Driven by passion! Engineering lessons from China

Fear is a powerful emotion, albeit negative. Especially powerful is the fear of the unknown. Its only antidote is an equally if not more powerful emotion; passion. Else, fear is the most powerful obstacle an entrepreneur has to face and overcome in starting own business.
Sam Kebongo
Sam Kebongo

Fear is a powerful emotion, albeit negative. Especially powerful is the fear of the unknown. Its only antidote is an equally if not more powerful emotion; passion. Else, fear is the most powerful obstacle an entrepreneur has to face and overcome in starting own business.

As Dr. Michael Gordon says, ‘…feel the fear but do it anyway!’ You are concerned that you do not have adequate financial resources; you will lose money if the business fails, that you will risk your chosen career path among others.

These are all legitimate fears, but you must overcome them. We look at two engineering lessons from ancient and modern China.

The Great Wall of China is just as the name suggests, great. It is the only man-made feature visible from the moon. It runs 8,851.8km from Shanhaiguan in the east to Lop Lake in the west.

The wall covers a distance from Kigali to Tunis, Tunisia… and back. The wall was built for defensive purposes, from 5th century BC and still stands today. This was at a time when there were no forklifts, excavators and other heavy machinery! Very little detail is known about the actual construction itself.

It is said that up to a million workers were involved in the construction. The Wall’s very existence is a testament to the marvels of the human will.

Hangzhou bay bridge is one of the world’s longest maritime bridges. Initially, you had to drive for 400 kilometres from Ningbo to Shanghai. This is because of the drive took you round the Hangzhou bay.

There was need to shorten this route between China’s second busiest port and its major commercial centre of Shanghai. The construction of this bridge reduced this distance to just a two hour drive (184 km).

It took over 600 experts 10 years of planning before the work began in 2003. They had to consider how they would put in proper foundation in the seabed such that it would not be compromised by the salty sea water.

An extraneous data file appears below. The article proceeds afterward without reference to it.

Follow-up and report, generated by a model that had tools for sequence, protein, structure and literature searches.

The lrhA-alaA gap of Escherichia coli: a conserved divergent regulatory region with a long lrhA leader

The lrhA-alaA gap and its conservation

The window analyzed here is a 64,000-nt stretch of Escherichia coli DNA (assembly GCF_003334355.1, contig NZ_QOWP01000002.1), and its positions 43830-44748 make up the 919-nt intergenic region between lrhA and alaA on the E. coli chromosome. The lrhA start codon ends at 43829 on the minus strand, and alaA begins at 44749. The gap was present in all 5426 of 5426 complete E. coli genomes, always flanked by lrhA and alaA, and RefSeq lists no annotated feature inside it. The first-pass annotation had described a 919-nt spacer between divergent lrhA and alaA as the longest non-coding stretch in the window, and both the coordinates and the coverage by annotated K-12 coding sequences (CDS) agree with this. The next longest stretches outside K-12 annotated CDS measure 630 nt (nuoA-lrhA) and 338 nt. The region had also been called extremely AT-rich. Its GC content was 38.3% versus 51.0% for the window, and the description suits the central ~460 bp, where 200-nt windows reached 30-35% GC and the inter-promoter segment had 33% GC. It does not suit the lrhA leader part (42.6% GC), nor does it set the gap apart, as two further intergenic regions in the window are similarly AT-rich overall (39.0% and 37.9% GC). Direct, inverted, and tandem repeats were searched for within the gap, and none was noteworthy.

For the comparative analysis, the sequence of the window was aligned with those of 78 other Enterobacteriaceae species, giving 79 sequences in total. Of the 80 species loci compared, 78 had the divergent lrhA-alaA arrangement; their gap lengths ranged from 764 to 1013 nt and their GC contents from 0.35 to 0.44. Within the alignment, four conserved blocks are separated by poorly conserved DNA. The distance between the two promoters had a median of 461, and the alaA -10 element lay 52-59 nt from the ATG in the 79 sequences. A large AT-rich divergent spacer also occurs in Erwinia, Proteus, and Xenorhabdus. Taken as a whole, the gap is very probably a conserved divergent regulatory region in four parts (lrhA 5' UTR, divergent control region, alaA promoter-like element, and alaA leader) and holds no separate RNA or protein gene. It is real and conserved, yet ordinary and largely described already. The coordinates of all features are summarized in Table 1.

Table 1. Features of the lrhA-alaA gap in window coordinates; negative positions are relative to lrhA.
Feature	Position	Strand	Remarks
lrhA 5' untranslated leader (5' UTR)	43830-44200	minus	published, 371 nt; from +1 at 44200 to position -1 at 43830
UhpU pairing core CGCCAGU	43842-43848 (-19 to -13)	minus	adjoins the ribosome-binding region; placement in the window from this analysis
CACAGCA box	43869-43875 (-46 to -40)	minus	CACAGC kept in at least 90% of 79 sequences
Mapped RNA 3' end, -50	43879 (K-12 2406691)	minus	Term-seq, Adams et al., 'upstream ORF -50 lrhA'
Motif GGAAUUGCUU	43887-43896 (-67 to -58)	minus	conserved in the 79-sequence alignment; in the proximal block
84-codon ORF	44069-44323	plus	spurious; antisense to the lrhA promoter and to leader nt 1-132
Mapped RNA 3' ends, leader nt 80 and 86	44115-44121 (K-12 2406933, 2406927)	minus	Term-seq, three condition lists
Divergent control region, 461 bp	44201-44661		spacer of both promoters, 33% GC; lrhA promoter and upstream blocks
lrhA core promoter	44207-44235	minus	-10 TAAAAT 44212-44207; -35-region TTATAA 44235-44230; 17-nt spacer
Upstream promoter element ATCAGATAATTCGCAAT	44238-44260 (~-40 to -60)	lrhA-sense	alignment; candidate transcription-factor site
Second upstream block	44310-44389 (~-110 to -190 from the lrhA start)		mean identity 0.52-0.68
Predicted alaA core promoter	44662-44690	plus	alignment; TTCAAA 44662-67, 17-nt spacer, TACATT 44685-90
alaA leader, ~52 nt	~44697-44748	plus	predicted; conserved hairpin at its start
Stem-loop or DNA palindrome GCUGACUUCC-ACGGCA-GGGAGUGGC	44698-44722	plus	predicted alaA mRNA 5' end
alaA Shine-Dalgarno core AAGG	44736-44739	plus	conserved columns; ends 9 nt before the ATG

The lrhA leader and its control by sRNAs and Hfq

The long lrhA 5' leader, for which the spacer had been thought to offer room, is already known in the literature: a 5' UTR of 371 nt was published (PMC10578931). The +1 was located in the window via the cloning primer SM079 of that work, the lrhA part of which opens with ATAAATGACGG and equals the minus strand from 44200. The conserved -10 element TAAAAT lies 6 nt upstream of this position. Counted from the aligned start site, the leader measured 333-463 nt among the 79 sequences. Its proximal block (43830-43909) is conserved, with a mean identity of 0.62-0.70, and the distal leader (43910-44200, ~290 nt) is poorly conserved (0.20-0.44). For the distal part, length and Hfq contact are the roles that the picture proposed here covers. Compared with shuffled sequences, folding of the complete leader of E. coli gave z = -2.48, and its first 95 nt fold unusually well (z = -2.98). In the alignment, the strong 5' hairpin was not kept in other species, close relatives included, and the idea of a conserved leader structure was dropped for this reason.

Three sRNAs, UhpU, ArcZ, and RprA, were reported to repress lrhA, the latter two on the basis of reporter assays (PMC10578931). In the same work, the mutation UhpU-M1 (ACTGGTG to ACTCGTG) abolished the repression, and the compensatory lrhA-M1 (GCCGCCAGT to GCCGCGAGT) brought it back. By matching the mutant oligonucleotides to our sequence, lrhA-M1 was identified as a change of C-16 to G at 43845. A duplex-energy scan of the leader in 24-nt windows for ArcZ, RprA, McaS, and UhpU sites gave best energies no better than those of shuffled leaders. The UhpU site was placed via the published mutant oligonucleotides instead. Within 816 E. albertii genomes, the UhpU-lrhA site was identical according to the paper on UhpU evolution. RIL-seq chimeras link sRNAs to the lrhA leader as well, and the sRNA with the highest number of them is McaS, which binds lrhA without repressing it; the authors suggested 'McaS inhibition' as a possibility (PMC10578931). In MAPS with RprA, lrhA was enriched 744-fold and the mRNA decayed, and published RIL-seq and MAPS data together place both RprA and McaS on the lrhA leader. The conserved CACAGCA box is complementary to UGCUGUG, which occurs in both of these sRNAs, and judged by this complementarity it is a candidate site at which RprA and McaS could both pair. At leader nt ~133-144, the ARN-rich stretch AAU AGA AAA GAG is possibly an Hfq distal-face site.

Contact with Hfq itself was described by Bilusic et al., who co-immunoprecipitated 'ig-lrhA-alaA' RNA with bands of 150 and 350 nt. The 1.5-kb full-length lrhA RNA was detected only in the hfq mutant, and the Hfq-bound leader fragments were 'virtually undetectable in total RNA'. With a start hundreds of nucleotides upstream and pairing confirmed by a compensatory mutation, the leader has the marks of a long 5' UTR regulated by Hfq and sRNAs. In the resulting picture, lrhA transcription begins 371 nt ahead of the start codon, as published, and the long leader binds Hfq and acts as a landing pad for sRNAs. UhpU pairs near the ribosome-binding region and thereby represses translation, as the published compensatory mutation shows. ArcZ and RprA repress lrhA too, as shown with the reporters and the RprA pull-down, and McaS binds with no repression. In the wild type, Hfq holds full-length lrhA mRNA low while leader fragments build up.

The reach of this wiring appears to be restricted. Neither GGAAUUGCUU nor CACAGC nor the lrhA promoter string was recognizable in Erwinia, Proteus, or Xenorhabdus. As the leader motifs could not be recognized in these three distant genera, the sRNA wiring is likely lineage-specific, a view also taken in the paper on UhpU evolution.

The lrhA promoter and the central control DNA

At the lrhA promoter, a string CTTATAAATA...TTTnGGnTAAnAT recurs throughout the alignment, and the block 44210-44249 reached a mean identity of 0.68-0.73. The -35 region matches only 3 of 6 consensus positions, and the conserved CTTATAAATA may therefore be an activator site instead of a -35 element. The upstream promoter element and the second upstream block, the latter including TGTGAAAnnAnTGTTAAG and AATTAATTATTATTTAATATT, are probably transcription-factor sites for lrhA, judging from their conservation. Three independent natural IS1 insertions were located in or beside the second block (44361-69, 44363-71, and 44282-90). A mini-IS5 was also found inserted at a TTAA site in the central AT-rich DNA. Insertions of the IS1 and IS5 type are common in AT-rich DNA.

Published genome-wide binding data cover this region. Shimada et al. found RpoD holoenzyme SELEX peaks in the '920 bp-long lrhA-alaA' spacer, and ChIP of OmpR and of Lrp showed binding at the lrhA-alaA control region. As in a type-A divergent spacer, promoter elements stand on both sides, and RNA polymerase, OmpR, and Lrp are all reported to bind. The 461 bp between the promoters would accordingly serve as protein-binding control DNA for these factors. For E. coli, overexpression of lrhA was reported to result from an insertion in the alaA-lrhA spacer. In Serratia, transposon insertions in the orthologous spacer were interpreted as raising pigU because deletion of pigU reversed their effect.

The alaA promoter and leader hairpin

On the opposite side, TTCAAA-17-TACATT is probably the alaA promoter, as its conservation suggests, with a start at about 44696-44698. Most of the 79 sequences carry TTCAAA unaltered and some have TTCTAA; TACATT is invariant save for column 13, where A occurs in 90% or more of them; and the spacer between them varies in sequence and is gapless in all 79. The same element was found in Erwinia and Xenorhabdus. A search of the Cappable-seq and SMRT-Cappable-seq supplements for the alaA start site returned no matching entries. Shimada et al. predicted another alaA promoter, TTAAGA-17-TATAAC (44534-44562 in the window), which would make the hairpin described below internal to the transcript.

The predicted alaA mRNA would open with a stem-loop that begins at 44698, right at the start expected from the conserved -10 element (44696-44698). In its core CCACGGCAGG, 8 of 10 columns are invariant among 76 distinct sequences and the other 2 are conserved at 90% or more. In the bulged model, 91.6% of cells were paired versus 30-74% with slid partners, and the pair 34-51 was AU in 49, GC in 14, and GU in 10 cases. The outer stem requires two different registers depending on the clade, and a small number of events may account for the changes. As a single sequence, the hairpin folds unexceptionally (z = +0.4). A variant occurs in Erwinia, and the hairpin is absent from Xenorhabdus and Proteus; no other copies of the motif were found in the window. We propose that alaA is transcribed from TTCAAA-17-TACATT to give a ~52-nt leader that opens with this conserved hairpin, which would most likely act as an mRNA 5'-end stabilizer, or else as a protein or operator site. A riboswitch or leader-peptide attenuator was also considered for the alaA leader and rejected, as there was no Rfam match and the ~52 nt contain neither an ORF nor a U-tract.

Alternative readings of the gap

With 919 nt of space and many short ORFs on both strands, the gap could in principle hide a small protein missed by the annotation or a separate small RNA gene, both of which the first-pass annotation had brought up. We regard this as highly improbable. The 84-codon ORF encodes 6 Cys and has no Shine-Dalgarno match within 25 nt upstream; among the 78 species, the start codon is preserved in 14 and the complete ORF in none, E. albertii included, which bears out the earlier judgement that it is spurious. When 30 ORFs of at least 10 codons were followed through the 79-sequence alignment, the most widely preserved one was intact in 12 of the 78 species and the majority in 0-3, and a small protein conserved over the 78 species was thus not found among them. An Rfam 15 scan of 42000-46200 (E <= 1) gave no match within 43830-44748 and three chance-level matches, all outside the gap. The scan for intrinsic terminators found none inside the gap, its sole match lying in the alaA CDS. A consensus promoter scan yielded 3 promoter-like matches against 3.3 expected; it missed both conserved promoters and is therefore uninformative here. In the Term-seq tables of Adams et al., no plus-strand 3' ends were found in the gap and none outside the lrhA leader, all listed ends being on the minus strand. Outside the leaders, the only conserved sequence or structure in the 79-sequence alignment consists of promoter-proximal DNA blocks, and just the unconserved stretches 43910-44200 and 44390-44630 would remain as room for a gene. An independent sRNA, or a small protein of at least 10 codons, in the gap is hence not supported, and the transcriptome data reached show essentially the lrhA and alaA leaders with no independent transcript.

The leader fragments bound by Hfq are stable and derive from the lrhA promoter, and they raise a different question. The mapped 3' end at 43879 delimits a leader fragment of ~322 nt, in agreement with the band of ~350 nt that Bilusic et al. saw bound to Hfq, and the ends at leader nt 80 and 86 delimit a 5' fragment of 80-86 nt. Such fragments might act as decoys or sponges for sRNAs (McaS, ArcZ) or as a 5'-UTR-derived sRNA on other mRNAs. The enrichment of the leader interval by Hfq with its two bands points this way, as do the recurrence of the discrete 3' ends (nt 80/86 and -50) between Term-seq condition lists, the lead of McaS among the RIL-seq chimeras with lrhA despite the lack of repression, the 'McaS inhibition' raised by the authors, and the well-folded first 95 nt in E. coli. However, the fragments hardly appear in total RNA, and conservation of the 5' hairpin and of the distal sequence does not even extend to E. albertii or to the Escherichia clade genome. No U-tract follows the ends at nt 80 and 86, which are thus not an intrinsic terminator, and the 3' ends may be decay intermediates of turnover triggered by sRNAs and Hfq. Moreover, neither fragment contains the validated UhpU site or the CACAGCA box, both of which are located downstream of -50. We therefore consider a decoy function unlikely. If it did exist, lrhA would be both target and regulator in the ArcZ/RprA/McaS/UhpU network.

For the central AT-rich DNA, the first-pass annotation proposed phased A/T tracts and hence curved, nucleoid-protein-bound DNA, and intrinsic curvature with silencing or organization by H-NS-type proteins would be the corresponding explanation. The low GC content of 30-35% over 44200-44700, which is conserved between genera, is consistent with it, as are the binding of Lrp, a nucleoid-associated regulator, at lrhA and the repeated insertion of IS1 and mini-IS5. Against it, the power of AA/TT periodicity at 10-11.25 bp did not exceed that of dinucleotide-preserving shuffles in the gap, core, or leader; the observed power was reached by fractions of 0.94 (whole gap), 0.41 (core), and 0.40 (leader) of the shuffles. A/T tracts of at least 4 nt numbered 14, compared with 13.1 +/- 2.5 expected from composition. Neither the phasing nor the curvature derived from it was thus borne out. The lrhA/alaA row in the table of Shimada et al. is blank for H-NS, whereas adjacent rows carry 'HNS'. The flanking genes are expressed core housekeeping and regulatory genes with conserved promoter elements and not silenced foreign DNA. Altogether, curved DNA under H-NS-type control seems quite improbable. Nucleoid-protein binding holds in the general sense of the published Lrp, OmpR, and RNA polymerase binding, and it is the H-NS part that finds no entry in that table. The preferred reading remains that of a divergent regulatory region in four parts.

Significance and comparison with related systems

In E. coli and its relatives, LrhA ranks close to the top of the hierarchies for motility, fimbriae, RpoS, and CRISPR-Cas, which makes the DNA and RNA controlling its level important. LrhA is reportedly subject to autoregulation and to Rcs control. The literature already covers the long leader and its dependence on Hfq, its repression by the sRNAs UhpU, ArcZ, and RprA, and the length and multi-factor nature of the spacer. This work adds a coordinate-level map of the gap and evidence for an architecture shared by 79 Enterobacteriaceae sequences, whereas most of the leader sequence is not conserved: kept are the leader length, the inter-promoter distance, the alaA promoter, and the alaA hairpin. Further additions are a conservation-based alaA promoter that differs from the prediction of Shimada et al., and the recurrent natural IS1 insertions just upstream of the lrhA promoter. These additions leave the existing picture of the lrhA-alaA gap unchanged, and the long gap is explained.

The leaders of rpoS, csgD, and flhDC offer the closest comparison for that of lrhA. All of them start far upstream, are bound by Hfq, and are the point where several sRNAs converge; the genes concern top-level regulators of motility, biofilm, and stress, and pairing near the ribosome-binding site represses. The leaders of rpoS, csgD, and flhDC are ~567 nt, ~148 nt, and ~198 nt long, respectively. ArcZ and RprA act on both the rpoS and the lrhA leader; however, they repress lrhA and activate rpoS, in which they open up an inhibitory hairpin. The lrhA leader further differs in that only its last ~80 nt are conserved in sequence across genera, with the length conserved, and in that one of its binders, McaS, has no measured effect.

There was also the small matter of Typhoons and the annual tide that forces the Yangtze River delta to flow upstream and rises to a height of about 6 metres in some places.

These would potentially destabilize the bridge as well as have a negative environmental impact in the area and affect tourism. Then, just as work began, toxic methane gas (like Lake Kivu’s) was found under sea in some places only 50 metres below the sea bed.

The Hangzhou Transoceanic Bridge was completed in 2007 and has been operational since 2008. Its life span will be 100 years. It can take 52,000 vehicles per day in its six lanes.

These cases represent people treading uncharted territories; attempting the impossible and redefining it. Were they afraid? You bet! But they faced their fear. They confronted it and worked through it. What helped them do this was passion to succeed.

Passion, the powerful compelling emotion to succeed is the most important ingredient that you need to enable you to succeed in entrepreneurship and in cases in life where you have to take the uncharted territory and be the pathfinder.

When (not if) you want something so badly, you will get it. The passion will keep you focused on your goal and not on the obstacles (fear). It will enable you to size up obstacles and overcome them.

Entrepreneurship is about risk taking. Like Hangzhou Bridge it is about looking for success in the face of apparent impossibility through innovation. It is about trying and trying different ways till you succeed. It is about passion!

So, can you teach passion? Yes! You could by being an example of passion; going about our duties passionately or you could advise someone to fall in love!  As Malcolm X said; a man who has nothing to die for has nothing to live for.

Sam Kebongo teaches entrepreneurship at Rwanda Tourism University College. He also is a Director at Serian Ltd that provides skills and business advisory services consultancy. Email: sam.kebongo@gmail.com

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